According to global statistics, tea is the second most popular drink after water. These statistics reveal that the top beverage worldwide is not beer or coffee, it is tea, and a cup of tea gives a perfect start of the day. However, when stocking up your tea, one of the essential considerations is the kind of tea to get. Let us explore into jasmine and green tea since both of them are popular and widely used. Here is an exclusive look at the differences between jasmine tea vs. chamomile tea.
1. Chamomile Tea Is Tisane; Jasmine Is A Real Tea
If you are a die-hard fan of tea, you will notice the considerable difference between tisanes and teas. This difference is essential as it indicates two distinct types of health benefits and brewing methods. The fact that chamomile tea is a tisane or herbal tea means that it is not made of tea leaves. Chamomile tea is made of dried flowers of the chamomile. That grows both in controlled environments and in the wild. You can easily make your own chamomile tea if you have your own chamomile dried flowers.
On the other hand, jasmine tea is made by the blending of a base tea with the memorable fragrances of jasmine flower. Tea leaves are layered with fresh jasmine blooms in the afternoon, allowing the tea to absorb the jasmine aroma as they release their sweet fragrances. Though flavored with jasmine flowers, the base tea used for making jasmine tea is a real tea made of tea leaves. Jasmine tea can be made from any tea obtained from the Camellia sinensis plant with the jasmine blended green tea as the most common version.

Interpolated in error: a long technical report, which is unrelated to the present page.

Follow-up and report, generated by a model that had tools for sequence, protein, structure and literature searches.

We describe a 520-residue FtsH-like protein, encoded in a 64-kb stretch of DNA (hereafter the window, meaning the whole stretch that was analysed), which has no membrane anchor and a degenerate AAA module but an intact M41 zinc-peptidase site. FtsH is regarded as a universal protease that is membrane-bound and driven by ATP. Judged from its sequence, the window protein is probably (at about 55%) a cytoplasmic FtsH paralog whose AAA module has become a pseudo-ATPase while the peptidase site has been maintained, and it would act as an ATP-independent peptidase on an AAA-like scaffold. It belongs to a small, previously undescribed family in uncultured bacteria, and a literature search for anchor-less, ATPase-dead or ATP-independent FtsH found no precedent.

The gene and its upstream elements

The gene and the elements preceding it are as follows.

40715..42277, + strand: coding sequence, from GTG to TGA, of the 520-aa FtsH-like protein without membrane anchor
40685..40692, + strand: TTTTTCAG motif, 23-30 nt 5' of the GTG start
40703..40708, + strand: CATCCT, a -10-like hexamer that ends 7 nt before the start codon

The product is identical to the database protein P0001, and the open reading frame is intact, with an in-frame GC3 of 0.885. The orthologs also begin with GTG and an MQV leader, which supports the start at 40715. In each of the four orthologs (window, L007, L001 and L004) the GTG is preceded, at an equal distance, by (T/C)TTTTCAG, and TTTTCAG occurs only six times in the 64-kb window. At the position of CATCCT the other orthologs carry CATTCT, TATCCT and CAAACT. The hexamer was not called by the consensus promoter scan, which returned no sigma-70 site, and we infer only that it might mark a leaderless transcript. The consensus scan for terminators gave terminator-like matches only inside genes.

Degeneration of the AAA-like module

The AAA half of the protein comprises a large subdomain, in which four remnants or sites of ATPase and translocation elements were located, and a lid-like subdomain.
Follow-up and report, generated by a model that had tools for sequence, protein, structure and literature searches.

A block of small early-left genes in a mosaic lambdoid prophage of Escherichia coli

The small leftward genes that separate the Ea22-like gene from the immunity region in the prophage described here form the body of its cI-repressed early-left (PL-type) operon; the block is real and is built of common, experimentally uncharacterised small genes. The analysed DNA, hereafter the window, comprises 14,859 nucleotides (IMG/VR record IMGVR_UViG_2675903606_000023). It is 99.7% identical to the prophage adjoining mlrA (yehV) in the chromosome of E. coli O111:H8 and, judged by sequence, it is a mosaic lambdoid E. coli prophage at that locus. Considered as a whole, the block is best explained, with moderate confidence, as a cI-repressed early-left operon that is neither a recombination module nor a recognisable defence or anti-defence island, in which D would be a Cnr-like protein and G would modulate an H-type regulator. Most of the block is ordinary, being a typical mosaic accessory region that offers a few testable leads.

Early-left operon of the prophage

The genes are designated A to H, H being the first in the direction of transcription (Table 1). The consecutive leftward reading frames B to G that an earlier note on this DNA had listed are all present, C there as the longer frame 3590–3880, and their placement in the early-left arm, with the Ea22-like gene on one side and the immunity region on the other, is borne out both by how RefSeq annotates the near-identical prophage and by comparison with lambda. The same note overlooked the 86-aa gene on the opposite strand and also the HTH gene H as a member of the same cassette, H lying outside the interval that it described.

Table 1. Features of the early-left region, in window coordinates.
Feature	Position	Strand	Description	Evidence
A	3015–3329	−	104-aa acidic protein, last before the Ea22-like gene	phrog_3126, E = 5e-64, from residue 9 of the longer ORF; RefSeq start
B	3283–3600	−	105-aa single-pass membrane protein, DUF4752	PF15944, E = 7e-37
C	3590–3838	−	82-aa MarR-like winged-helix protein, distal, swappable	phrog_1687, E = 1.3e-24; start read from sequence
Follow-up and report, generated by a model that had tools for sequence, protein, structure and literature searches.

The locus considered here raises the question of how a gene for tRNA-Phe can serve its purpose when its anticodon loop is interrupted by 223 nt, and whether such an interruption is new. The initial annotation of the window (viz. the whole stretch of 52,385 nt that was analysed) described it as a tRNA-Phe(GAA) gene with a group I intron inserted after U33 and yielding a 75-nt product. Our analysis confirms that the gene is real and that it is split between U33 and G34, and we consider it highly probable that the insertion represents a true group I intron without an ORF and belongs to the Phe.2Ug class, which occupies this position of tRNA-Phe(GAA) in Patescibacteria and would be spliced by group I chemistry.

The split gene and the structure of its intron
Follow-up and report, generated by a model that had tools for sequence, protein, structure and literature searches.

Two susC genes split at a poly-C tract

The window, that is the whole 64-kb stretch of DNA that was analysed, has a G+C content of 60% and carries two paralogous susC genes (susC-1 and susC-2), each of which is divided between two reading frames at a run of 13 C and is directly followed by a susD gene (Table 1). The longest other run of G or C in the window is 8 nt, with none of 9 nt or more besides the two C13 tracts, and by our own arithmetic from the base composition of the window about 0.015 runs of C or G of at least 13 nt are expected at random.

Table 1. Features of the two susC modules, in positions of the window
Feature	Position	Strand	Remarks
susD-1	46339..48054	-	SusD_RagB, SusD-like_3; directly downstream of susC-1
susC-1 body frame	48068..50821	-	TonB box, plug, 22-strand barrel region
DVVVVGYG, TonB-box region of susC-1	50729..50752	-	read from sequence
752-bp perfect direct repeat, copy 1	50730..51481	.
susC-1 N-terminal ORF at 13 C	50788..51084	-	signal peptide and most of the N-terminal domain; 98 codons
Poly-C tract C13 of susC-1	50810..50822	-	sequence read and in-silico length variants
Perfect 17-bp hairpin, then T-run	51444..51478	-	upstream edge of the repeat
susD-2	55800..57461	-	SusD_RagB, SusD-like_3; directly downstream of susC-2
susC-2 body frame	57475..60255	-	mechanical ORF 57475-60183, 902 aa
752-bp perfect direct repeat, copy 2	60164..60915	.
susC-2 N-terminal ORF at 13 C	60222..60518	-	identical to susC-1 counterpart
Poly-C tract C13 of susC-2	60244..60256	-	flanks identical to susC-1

2. Jasmine Tea Is A More of An Eastern Drink; Chamomile Is More Western
When you consider the origin of jasmine tea vs. chamomile tea, jasmine tea is probably more ancient than chamomile tea. Jasmine also has a more detailed and richer history as compared to chamomile tea. Based on research from liquidimageco, as a more popular beverage in China, jasmine tea is believed to have existed since the fifteen centuries during the rule of the Shang Dynasty. This shows that jasmine is an old type of drink dominant in the eastern countries, especially in China, that is highly treasured.
In contrast, chamomile tea originates from the western parts of the world, Europe, to be specific. It all began as a medicinal drink used as herbal medicine together with other healing plants variety. There are no apparent records of its use with the flowers used for preparation scattered widely across Europe. Their traces are also found in the US as the plant quickly grows anywhere. Chamomile tea emerged in different parts of Europe, particularly the Roman and Greek empires, as people started to note its benefits the tea is widely used mainly in the western rural areas with most of the people there believing in it.
3. Chamomile Tea Has A Relaxing and Calming Effect; Jasmine Tea Is More for Energy